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Formula exists for successful redevelopment

The Albuquerque Journal’s editorial “Why are feds hung up on De Anza overhang” tells only part of the story why the property has not been redeveloped.

Although city-owned motels like De Anza and El Vado have been eyesores for a long time, they need not be. Albuquerque’s derelict motels don’t need to be demolished, they can be resurrected to respect their history and also can be catalysts for neighborhood revitalization.

An example of a successful redevelopment model is the mixed-income/mixed-use redevelopment of the historic Luna Lodge and Sundowner Motel on East Central.

The formula includes leveraging equity from out-of-state investors in low-income, sustainable and historic tax credits to fund 70 percent of the redevelopment cost, coupled with competitive grants from local, state, federal agencies and private foundations.

This formula, with negligible permanent debt and the highest level of energy efficiency, ensures long-term financial viability and continued longevity of the historical asset. These projects exemplify the best in collaborative public/private partnerships.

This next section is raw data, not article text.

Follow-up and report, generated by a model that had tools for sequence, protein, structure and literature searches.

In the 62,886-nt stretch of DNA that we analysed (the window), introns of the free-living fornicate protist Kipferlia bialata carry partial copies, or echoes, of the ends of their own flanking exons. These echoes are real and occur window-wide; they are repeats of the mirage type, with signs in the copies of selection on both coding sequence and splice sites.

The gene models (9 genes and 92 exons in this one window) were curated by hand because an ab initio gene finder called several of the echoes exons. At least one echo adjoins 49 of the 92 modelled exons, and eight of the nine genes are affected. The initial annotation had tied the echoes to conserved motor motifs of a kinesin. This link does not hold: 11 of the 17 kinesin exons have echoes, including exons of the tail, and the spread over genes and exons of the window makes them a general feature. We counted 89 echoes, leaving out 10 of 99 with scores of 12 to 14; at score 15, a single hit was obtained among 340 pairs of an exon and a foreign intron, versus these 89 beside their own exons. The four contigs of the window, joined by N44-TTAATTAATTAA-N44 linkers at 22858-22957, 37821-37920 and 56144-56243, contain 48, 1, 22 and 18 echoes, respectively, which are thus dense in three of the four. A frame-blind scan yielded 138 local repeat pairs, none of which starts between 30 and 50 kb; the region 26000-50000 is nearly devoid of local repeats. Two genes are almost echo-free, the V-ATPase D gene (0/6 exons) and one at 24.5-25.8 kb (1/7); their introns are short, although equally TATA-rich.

The De Anza would have been developed by now if the recommendation from the independent selection panel, tasked with reviewing and ranking developer proposals, had not been overturned by the Albuquerque Development Commission.

The process for De Anza developer selection was competitive and detailed specific city requirements included design considerations, neighborhood impact, experience with historic properties, financial capacity, strength of development team and respect for Zuni artifacts.

The independent selection panel ranked nonprofit developer NewLife Homes first, with the highest score. The lowest score went to the developer who was recommended by the Albuquerque Development Commission. Given the issues and delays this particular developer had with prior city-funded projects, it is not surprising that the De Anza continues to sit idle.

Projects like the De Anza have had a history of for-profit developers promising, but not delivering, and going back to the city for more funds. To pencil out these projects typically requires nonprofit participation to tap into the funding sources that are not available to for-profit developers.

Furthermore, these projects are complicated and difficult to execute, involving numerous levels and layers of government, timing issues with tax credit deadlines, coupled with environmental concerns, detailed historic issues and energy efficiency considerations.

For example, historic requirements are often at odds with new energy efficiency requirements.

These projects necessitate having a development team with creative problem-solving skills, who see rejection, bureaucratic obstacles and inter-agency conflict as challenges to learn from and overcome.